7) Moving on to the body of your press release: you can expand a bit more here, but not too much. An effective press release is at most, two pages long but preferably one page.
Write the most important things first and add properly referenced quotes. Make sure that a journalist can lift a paragraph out of the press release easily without having to edit it too much, especially if there is little lead time.
8) You should include all relevant information, such as where products are stocked, price points and distinguishing features etc.
9) Last but not least, remember that editors meet many designers and brands, and cannot be expected to remember all of your vital brand information. So make it easy for them. Include a ‘note to editors’ at the end of your press release to briefly remind them of who you are. Just the vital statistics and information will be enough to put your press release into context.
10) Make sure that you finish your document by adding your brand’s contact information. Who should a journalist contact if they need additional information? You directly? Your PR manager, or an external company who deals with all of that for you?
Simply add contact information: first name, last name, job title, company, phone number, and email address.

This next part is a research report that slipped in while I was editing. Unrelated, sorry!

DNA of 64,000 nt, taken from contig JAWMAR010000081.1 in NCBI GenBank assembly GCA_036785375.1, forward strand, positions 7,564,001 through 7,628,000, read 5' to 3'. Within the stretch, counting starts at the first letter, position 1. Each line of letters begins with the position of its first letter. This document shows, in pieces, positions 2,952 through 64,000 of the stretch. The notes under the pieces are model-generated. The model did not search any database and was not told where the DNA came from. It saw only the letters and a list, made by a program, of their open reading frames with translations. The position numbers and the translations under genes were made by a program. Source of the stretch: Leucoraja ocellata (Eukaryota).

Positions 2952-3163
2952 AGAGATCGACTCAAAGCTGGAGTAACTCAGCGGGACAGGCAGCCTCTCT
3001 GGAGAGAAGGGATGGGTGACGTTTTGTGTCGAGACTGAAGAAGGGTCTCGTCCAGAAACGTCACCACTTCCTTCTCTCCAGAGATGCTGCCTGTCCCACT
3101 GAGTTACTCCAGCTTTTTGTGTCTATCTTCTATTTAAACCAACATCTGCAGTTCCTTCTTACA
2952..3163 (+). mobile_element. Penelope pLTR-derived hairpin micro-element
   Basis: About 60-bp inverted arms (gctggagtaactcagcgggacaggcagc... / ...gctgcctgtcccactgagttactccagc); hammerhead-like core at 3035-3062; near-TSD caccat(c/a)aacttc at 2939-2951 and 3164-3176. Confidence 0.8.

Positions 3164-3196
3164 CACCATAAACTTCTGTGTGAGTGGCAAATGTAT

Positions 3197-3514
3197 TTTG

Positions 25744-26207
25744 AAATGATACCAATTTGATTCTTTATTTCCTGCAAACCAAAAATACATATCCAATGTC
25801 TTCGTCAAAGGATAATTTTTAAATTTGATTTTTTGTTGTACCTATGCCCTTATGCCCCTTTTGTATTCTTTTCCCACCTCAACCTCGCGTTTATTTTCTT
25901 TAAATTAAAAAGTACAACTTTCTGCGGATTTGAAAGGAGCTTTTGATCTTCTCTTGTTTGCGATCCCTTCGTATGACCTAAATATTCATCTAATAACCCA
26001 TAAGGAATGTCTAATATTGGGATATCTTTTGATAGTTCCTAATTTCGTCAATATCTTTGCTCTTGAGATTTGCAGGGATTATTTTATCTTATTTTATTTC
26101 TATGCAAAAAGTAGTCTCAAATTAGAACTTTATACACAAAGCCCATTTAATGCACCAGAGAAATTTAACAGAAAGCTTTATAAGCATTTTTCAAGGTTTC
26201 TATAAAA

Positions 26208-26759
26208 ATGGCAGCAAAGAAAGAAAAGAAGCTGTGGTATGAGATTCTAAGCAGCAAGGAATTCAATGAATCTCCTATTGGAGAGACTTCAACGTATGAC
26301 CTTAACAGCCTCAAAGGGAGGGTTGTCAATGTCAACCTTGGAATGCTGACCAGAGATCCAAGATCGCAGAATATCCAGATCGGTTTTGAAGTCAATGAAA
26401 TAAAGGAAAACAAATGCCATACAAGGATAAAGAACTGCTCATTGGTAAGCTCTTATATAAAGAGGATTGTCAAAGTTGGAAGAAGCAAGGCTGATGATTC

Include a Twitter or Instagram handle if you think that’s appropriate.
Be visually exciting
You know what looks best, so include the best image at the start of the press release. You might choose to source the image from your lookbook, as the chances are that if it made it there; you’re proud of it.
Make sure your images are low-resolution in order to keep the finished fashion press release less than 5MB. Journalists get a lot of emails; you could risk not getting into their inbox because you could not fit in – byte-wise!
A keen journalist will contact you and ask for high-resolution versions of the images, so have them ready! A really good press release should make a journalist get in touch.
Then check, check and double-check the release for grammar and spelling mistakes.
11) Also, use a friendly font, feel free to be creative but make sure your chosen font – and font size – allows for your carefully crafted content to be legible.